Swedish state epidemiologist unrepentant about choice of strategy
Wednesday, 03 June 2020
Old city, Stockholm, credit: Unsplash/Jon Flobrant
The outside world has regarded Sweden’s easy-going strategy to fight the coronavirus with mixed feelings ranging from horror to admiration. The final verdict on how Sweden managed the crisis is not yet in.
Its chief state epidemiologist Anders Tegnell, representing the country’s Public Health Authority, is still optimistic. A few days ago, he said that we have to wait until Autumn to know if the strategy worked. In an interview today (3 June) in Swedish daily Dagens Nyheter he admitted that “there are things that we could have done better, but generally I think Sweden has chosen the right track.”
According to the latest figures from Johns Hopkins Coronavirus Center (3 June), Sweden has had 4,468 Covid-related deaths. The country has climbed up to the fifth place, globally, in the number of deaths per 100,000 inhabitants (43.9), after Belgium (83.2), United Kingdom (59.3), Spain (58.6) and Italy (55.5).
Compared to its Scandinavian neighbours, with fatality rates between 5 and 10 deaths per 100,000 inhabitants, Sweden is in trouble. Contrary to them, Sweden did not impose any strict lockdown measures and counted mostly on voluntary compliance with social distancing rules.
The Swedish Public Health Authority deals not only with infectious diseases and took a holistic view on health, considering also the negative health impacts of home isolation and a complete lockdown. As a sparsely populated country, with a high share of single households, Sweden could also act differently than other countries.
The outside world got the impression that Sweden, relying on the trust of its citizens in the authorities, carried out an experiment in group immunity. Tegnell did not deny it in the beginning.
It has not worked out like that in Sweden where the percentage of people in the Stockholm region sampled for antibodies in their blood is only 7.3 %. In the rest of the country it is even lower. The situation is not much different in other countries. To ensure immunity in a population, the group immunity rate would have to reach 60% or more.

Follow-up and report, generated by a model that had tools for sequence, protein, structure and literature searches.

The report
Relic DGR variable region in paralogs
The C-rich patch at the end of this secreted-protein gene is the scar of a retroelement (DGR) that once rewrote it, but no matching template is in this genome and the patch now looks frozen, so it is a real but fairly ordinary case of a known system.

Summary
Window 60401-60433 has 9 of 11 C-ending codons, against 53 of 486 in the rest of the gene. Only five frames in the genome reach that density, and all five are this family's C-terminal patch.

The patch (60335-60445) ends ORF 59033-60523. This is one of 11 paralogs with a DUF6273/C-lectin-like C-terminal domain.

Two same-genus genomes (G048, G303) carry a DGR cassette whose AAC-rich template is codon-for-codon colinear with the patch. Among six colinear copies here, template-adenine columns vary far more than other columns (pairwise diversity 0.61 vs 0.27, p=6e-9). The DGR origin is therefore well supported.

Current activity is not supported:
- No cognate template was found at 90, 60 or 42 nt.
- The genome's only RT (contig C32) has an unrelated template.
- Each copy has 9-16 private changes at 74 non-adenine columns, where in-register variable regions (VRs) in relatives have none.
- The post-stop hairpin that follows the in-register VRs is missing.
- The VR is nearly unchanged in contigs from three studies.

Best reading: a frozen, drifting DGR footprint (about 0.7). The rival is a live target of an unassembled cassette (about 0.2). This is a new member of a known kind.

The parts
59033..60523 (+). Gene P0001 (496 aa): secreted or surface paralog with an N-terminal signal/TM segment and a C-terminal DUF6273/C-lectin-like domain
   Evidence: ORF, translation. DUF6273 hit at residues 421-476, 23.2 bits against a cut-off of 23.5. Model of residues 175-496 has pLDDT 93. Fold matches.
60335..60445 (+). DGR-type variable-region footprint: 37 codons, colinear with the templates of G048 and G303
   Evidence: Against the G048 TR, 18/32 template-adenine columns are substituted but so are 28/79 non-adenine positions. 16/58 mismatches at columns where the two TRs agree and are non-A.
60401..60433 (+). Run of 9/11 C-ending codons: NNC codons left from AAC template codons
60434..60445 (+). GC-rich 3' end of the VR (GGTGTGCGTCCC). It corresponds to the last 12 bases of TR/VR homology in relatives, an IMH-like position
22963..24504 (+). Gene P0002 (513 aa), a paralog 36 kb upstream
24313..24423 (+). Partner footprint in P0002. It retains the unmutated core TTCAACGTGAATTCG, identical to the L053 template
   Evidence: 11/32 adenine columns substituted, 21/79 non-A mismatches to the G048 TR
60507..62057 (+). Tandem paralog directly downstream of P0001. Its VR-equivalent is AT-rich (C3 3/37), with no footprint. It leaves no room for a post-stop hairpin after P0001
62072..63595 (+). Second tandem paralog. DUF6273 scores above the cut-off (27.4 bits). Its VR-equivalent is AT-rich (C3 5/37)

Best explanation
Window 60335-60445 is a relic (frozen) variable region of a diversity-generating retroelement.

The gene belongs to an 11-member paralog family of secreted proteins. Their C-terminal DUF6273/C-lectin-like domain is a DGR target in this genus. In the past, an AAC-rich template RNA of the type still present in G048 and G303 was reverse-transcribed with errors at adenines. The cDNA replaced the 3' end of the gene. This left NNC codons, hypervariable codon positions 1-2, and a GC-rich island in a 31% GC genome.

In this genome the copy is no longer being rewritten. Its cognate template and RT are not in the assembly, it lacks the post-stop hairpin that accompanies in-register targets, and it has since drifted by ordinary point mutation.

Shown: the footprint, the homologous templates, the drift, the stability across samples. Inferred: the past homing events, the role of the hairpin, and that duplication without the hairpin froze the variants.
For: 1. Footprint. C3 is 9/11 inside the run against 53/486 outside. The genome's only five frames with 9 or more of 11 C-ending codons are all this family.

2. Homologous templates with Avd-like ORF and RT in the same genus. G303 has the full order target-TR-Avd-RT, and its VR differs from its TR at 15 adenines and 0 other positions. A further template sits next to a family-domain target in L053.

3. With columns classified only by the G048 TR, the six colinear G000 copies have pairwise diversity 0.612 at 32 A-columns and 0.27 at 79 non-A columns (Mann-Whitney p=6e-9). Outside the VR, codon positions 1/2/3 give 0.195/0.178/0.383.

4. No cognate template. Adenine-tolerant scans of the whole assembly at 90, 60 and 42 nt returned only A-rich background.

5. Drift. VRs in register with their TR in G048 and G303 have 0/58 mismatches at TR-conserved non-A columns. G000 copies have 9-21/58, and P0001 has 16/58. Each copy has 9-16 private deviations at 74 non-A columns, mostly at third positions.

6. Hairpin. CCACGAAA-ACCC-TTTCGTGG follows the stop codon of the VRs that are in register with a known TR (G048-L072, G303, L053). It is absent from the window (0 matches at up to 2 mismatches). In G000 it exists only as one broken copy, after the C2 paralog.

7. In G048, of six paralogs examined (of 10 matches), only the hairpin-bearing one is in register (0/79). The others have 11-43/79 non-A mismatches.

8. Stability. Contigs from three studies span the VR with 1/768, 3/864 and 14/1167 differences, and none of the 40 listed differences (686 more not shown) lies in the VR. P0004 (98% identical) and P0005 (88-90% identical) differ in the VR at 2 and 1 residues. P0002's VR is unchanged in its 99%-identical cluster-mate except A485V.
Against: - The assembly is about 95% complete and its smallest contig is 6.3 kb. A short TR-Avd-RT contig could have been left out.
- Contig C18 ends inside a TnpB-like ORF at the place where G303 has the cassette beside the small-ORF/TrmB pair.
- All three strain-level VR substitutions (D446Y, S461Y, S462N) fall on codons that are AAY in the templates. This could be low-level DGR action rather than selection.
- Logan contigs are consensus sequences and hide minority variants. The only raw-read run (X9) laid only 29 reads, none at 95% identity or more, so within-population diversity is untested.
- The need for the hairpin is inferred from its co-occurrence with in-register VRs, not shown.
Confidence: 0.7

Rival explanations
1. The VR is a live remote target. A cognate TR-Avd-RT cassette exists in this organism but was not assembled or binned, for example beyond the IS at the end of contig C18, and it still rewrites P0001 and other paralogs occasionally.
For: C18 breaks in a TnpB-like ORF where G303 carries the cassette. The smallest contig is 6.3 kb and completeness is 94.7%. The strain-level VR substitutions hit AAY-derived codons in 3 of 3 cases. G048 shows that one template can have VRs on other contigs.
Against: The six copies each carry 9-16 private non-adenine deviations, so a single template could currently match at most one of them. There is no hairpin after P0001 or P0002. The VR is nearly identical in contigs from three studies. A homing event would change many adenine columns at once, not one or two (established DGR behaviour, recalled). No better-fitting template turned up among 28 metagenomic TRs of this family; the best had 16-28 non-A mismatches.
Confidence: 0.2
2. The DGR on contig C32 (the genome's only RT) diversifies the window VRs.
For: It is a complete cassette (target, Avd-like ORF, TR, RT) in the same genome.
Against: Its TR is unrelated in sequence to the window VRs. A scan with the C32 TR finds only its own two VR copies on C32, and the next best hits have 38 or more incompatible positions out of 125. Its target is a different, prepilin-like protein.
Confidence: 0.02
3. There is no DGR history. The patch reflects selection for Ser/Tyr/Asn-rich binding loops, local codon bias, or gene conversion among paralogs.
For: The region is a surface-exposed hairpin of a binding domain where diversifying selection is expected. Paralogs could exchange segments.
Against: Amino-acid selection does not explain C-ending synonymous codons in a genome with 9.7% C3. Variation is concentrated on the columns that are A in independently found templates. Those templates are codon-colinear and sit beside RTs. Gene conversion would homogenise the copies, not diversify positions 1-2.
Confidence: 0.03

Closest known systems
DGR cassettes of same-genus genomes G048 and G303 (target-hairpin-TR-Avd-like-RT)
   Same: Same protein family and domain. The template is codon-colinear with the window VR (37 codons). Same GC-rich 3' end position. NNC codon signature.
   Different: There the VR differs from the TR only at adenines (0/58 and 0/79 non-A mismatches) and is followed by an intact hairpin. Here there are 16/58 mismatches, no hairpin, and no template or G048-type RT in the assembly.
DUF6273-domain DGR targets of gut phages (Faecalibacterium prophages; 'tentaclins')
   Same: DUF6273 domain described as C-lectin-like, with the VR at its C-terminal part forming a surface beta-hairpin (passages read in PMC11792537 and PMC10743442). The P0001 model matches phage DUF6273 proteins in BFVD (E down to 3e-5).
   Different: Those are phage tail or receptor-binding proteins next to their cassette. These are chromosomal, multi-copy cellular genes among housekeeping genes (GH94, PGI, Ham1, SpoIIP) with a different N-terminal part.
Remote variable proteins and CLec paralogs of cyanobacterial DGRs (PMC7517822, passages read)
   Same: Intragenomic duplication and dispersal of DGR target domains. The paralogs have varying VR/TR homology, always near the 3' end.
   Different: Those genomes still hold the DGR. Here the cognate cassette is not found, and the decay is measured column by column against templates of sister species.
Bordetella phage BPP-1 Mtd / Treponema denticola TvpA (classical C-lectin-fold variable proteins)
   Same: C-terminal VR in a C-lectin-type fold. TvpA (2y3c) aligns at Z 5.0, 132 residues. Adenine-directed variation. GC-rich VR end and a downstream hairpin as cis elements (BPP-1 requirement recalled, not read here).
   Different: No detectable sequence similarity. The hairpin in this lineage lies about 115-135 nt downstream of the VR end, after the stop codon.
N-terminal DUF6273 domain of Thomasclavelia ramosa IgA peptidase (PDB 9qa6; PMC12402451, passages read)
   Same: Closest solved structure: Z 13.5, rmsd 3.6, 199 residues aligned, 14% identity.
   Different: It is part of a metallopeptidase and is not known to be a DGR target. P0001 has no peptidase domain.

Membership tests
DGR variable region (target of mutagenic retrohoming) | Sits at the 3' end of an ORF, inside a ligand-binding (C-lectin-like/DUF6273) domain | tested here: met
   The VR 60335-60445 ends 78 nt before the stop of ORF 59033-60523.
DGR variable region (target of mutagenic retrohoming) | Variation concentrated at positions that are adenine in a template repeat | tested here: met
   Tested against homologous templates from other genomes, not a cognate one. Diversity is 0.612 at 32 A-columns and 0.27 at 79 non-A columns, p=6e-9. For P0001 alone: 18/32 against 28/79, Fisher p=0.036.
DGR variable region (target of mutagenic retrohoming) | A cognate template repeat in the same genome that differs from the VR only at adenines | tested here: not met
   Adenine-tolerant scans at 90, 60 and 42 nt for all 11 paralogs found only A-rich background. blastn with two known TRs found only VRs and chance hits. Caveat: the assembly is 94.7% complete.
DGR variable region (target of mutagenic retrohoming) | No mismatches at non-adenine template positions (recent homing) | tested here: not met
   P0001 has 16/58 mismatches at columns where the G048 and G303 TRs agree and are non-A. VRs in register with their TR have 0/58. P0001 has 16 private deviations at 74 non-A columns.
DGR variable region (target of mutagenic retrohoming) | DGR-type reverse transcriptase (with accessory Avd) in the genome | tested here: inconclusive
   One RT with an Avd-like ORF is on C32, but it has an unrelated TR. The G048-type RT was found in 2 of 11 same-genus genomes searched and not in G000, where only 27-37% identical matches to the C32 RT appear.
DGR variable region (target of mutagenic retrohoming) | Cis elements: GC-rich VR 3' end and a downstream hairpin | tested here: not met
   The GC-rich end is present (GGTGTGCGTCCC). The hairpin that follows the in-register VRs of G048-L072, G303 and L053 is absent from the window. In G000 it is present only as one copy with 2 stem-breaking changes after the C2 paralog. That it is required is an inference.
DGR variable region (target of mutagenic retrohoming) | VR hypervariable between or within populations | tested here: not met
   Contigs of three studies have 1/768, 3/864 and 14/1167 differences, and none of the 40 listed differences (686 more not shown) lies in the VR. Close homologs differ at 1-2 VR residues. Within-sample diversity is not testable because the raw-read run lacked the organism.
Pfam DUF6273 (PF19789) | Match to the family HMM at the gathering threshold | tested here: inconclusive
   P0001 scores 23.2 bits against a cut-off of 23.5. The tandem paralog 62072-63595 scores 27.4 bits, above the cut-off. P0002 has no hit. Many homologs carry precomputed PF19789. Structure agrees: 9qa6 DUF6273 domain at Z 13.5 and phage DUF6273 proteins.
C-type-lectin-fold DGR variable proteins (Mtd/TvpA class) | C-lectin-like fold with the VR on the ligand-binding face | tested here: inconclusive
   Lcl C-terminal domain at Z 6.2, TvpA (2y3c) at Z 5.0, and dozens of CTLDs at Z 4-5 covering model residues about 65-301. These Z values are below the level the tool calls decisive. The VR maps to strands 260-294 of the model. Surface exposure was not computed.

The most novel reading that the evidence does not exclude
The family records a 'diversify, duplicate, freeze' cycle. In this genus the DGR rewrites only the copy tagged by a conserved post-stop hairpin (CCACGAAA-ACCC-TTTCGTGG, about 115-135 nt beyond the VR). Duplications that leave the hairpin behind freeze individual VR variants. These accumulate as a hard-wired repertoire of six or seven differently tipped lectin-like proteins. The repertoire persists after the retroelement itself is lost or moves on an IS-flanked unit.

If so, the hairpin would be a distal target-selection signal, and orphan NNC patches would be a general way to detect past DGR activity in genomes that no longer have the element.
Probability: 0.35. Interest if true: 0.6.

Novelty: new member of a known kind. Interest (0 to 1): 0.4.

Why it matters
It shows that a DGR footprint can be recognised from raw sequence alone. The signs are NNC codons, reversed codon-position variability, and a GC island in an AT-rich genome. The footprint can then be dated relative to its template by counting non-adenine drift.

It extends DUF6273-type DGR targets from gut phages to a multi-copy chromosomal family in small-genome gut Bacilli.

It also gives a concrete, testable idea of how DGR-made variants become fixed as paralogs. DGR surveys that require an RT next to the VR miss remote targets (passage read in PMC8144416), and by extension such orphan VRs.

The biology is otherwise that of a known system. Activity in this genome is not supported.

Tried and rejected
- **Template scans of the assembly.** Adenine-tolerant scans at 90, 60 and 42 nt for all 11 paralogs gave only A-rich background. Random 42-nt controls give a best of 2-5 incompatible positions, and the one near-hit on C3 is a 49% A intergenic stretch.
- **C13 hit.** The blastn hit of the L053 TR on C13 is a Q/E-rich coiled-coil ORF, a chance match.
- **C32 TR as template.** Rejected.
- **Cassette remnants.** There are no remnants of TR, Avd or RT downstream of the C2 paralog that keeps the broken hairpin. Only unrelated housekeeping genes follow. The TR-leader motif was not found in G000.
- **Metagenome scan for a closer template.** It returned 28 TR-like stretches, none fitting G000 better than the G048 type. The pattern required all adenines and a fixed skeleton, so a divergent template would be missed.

Sweden continued to allow gatherings of up to 50 people, did not close down restaurants, kept the economy open as much as possible, kept primary schools open, did not increase the number of testing and has hardly carried out any contact tracing.
Tegnell has been reluctant to accept criticism or consider findings that run against his views on how the outbreak should be contained and the crisis mitigated. Swedish media treated him mostly with kid gloves. He became a known and popular figure among the public while the Public Health Authority, to which the government delegated all responsibility, became questioned by other experts.
In particular, retirement and care homes became hot spots of infections with many deaths. Managed by municipalities or private companies, with insufficient protective equipment and untrained staff, no-one in Sweden seemed to have an overview of the situation. It took some time until the government was forced to admit its failure in protecting the most vulnerable population.
Media and authorities in Sweden already know what went wrong and why it went wrong and hardly have to wait for the findings in an on-going formal inspection of the retirement homes. According to media reports, residents in some homes who became infected with Covid-19 were not offered hospital treatment but palliative care which might have had the opposite effect.
Tegnell claims in the interview that very little was known in the beginning about how the virus spreads in the community.
On the retirement homes, he said, “We didn’t know that there would be such a big potential for contagion in care homes, with so many deaths. We knew that group was very vulnerable and that we would have a high mortality rate if they were infected, but not that the infection would get in so easily and be so extensive.”
Sweden still has overall 50 deaths per day on average. “We have had a downward trend during the last four, five weeks,” Tegnell said. “We have gone from almost 100 per day to 50 per day. We really hope that the trend will continue. But the number of people who die is still very high.”